The Great Koala National Park
By Sue Ferris and Dominic King, Bellingen Greens
The Greens-led Bellingen Council have been seeking community input and feedback on a variety of plans, all of which drive the work of Council. That input has given Council the confidence to be an active and vocal supporter of the establishment of the Great Koala National Park.
Bellingen Council has developed a Strategic Planning Statement – 2020-2040, in which People of the Gumbaynggirr language have described their vision for Bellingen as:
A place where there is genuine respect for the land and the original people of this country. A place where the ancestors’ way of holding country is recognised. A place where there is respect for custodial people who carry this tradition today and for Elders and the children of the future. A place where we all walk together, where we can all be here in harmony with the land and all life. The land around here has a great capacity to do that, to heal … in a way that’s not separating.
Bellingen Council has also developed a Biodiversity Strategy, in which the people of Bellingen have a vision:
We are a community that values, protects, conserves and enhances natural areas and biodiversity in unique coastal, river and plateau environments.
Mayor Dominic King is keen to make Bellingen shire the leading biodiversity-conservation shire in Australia by 2040. Under the leadership of Dominic, the shire is working on this impressive project, which will effectively address many of our current local issues.
Our four founding principles guide all our actions, policies and decision-making.
A leading project that is encompassed within the Biodiversity Strategy, and that will help achieve that vision, is the Great Koala National Park (GKNP).
What underpins this vision?
1) Koalas are now listed as Vulnerable to Extinction. As approximately 50 per cent of koalas in NSW are found in north-eastern NSW, it makes sense to safeguard this part of their range.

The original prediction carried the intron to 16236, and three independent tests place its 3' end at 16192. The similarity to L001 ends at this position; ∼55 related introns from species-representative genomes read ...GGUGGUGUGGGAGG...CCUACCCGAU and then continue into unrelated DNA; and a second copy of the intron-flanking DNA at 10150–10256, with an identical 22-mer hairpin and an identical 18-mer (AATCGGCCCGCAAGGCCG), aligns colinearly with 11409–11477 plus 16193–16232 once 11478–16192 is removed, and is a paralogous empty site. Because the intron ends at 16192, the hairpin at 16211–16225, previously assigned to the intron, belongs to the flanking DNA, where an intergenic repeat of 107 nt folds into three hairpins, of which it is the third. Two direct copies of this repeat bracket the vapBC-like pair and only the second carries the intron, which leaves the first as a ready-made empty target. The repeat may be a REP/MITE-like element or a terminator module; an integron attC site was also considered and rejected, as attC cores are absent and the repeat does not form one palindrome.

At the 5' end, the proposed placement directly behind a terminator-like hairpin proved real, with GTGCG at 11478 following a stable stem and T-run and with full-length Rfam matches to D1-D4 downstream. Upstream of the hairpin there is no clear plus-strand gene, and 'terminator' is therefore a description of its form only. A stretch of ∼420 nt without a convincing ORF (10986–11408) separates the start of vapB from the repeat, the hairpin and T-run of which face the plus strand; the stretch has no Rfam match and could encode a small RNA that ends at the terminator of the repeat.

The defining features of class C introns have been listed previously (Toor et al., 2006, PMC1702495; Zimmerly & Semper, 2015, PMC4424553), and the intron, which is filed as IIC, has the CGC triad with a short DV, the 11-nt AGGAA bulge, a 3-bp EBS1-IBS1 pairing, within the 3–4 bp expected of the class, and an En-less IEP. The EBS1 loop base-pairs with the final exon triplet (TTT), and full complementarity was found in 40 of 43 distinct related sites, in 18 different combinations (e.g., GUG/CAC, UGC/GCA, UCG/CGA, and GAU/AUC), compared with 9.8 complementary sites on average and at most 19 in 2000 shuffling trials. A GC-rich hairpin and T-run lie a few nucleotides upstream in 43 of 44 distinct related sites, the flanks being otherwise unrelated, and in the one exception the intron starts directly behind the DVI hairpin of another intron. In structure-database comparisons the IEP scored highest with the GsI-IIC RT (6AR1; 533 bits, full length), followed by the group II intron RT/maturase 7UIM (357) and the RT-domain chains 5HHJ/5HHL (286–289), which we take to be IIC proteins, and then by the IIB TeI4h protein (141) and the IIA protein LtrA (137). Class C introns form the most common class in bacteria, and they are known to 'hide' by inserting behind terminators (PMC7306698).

2) Knowledge that biodiversity in all its forms determines the quality of life (fresh water, food, health and fitness) for us, all wildlife and our shared habitat.
3) Some of the known threats are:
▲ Logging: studies show that logging increases the severity at which bushfires burn. High-severity fires occur noticeably more often in forest-stands which are 7-36 years old; older-growth forests are more resistant. The GKNP will become more resistant to wildfires as it matures.
▲ Clearing (especially clear-felling) reduces the environment’s capacity for carbon-sequestering, increasing the risk of bushfire and the consequent loss of precious biodiversity (reduced water quality, loss of older hollow-bearing trees, weed infestation, and soil degradation.)
▲ Fragmentation of forest-habitat from logging is seriously threatening the lives of our iconic koala, along with many other vulnerable species.
How will the Great Koala National Park help tackle these problems?
The Bellingen Shire Council led the funding of an economic study by local councils and Destination North Coast. Working in collaboration with researchers from the University of Newcastle, the implementation of this proposal will achieve the following outcomes over its first 15 years:
▲ the creation of 9,800 full-time local jobs (involving 330m in additional wages)
▲ opportunities for First Nations peoples to have meaningful employment on Country
▲ the attraction of $145m capital-expenditure investment locally
▲ provision of $128m in operational expenditure
▲ generation of 1 million more visitors, increasing local business revenue by $412m, and
▲ generation of a further $1.26b in regional economic output, of which $531m will flow into the regional economy.
Alongside these economic benefits, the GKNP will:
▲ conserve enough forest habitat, with some corridor inclusion, for wildlife and flora diversity to survive and flourish
▲ provide healthy, outdoor engagement with nature for locals and tourists
▲ deliver opportunities for closer connection with wildlife, and
▲ be the perfect opportunity for children of all ages to experience the natural world – offering better prospects for future survival.
Ironically, because the Bellingen region survived the 2019-20 wildfire season relatively intact, it is an increased target for the Forestry Corporation’s legal, but unsustainable logging of native forests. Logging of native forests is already happening in the Bellingen region, and is exposing it to greater risk of fire damage and the consequent loss of already vulnerable biodiversity.
The case for the GKNP is powerful, and our Mayor and Council are working in close collaboration with NSW National Parks Association, Bellingen Environment Centre and Greens NSW, with a strong commitment and conviction that they can see the GKNP developed. We, the residents in Bellingen, are passionate about this project, and proud of our team of councillors committed to fulfilling this vision.